Hella's Turnaround Contracts, Stanley tieup boost Hella's outlook It was a year ago that Joseph Borruso told us about his new challenges as president and chief executive officer of lighting and electronics supplier Hella North America Inc. (see WAW - Dec. '99, p.117).

He had a hulking, new manufacturing site in Plymouth, MI, that was immaculate - even carpeted. But it sat empty for the most part.

In York, SC, Mr. Borruso spoke of another new plant that sat padlocked because it had no customer. Two expensive assets going to waste.

Today, he reports that his company's making progress. The York plant has begun producing foglamps for Daimler-Chrysler Corp.'s '01 Stratus/Sebring lineup and it has a headlamp contract for a future DaimlerChrysler vehicle.

The production target at York is 1.5 million headlamps per year, by 2004, Mr. Borruso says.

The Plymouth site is getting a $20 million investment for a new assembly line to produce Hella's new non-contact position sensors for electronic throttle-control (ETC) systems, beginning in the first quarter of '01.

As Europe's largest supplier of ETC, Hella says it will supply European automakers with more than 4 million units this year.

More than 70% of North American vehicles now use conventional cable-actuated throttles, but the company predicts that within 10 years virtually all vehicles built in North America will have electronic accelerator controls.

The new business should push the Plymouth facility to 75% capacity and the York plant to about 50% capacity by 2003, Mr. Borruso says.

The German company's global outlook also is improving, thanks to a new marketing partnership with Japanese Stanley Electric Co. Ltd.

Details of the tieup were not disclosed at press time, but Werner Beneken, member of the company's management board, says it will give Hella a door to Asia/Pacific, while affording Stanley access to Europe. There is no exchange of equity in the deal.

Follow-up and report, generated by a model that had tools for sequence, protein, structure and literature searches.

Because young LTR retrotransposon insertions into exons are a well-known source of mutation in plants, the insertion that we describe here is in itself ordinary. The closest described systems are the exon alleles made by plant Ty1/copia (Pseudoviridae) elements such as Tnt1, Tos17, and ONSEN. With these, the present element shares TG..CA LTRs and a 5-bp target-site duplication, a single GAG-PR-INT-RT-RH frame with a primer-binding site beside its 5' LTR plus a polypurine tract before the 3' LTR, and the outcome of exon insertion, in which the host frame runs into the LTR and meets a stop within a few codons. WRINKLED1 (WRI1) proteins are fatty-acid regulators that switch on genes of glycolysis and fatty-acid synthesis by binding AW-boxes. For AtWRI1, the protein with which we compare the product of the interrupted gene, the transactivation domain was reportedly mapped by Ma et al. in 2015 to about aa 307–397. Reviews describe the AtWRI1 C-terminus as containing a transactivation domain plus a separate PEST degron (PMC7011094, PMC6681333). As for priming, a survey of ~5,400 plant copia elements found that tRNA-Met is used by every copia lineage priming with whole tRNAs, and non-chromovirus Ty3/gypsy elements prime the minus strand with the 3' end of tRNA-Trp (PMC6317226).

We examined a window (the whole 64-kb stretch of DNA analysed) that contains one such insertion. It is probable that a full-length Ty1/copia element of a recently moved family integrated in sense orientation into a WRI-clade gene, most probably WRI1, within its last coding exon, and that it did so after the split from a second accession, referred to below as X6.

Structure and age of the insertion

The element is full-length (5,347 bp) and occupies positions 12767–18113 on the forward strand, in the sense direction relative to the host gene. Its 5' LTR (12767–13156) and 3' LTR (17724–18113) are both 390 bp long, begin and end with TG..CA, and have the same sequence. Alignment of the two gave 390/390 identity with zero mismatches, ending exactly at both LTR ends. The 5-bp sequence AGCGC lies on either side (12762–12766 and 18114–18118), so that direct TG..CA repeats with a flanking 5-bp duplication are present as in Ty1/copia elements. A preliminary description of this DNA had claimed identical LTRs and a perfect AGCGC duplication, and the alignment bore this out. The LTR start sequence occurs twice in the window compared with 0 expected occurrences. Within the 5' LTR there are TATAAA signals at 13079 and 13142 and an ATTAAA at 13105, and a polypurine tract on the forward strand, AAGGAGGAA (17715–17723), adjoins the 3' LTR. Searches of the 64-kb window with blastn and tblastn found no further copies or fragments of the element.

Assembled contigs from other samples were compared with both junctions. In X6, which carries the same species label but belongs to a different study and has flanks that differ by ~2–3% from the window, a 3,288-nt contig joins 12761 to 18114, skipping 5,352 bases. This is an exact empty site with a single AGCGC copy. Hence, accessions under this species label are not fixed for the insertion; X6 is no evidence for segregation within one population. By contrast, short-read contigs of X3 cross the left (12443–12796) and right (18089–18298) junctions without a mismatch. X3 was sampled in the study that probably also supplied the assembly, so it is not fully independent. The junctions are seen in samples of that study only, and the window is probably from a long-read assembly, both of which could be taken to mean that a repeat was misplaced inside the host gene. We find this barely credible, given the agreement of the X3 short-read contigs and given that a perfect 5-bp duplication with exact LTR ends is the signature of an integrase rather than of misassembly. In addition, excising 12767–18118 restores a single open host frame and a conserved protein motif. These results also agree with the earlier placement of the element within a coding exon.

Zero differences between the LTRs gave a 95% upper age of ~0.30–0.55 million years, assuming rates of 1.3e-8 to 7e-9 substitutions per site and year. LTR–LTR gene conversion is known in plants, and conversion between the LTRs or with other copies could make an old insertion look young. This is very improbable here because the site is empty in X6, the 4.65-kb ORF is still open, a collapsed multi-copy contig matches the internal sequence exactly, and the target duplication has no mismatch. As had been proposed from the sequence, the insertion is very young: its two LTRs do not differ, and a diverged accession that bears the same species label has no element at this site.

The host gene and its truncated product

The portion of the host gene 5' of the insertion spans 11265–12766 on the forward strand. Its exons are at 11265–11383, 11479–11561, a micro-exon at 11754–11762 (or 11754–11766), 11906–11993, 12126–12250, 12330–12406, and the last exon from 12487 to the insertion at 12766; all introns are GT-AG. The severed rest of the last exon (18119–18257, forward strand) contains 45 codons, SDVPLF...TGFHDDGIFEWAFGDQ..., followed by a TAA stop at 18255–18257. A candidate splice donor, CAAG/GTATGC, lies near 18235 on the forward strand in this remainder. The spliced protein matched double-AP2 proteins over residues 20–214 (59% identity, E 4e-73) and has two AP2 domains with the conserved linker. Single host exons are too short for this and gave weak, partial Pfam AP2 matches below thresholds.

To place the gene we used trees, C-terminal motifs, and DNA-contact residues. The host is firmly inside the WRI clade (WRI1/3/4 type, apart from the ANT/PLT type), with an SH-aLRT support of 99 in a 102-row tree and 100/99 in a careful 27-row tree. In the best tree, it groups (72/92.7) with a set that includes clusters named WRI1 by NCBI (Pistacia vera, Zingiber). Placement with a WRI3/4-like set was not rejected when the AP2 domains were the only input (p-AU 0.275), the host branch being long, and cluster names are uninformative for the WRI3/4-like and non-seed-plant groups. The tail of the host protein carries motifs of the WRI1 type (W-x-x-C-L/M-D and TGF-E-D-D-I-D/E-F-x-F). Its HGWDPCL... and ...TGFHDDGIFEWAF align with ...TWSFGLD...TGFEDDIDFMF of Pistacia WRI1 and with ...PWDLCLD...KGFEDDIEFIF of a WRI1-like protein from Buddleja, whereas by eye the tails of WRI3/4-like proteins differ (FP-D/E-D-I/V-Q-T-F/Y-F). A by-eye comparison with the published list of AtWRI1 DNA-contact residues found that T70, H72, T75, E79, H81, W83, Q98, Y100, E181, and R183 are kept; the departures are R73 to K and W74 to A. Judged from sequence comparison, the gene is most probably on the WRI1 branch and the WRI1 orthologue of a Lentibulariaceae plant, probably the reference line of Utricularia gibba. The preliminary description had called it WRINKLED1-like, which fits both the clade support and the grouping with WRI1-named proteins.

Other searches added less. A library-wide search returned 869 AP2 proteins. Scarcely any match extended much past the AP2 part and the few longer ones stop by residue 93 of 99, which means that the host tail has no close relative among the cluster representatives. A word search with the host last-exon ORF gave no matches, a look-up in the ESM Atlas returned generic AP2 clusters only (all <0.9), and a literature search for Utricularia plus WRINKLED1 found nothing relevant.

The two companies' product lines are almost identical, each producing a full range of automotive lighting and electronic components. Stanley isn't related to the hand-tool producer. It was founded in Japan in 1920 and was named after the 19th century explorer Sir Henry Morton Stanley.

Mr. Beneken says the deal illustrates an emerging supplier trend of cooperation rather than consolidation.

An interesting twist in the deal: Hella is privately held, while Stanley is public.

In North America, Hella's sales stand at $350 million, and Mr. Borruso has set a goal of $1 billion by 2005 and more than 15% market share.

In the lighting sector, Hella's Advanced Frontlighting System (AFS) smart headlamps will begin appearing on '03-'04 model vehicles, top executives say.

The AFS microprocessor-controlled head-lamps automatically swivel to provide better lighting around curves and adjust their beam patterns due to weather conditions. The intelligent lights are at the top end of a family of modular headlamps Hella is offering.

Hella is offering four price points for its new modular lamps, starting with a base high-intensity discharge (HID) xenon light, which costs about $150 more than a conventional halogen lamp.

Mr. Beneken predicts 100% of European luxury cars will be equipped with HID lamps by 2005, and 50% of all new cars in Europe will feature them by 2010.

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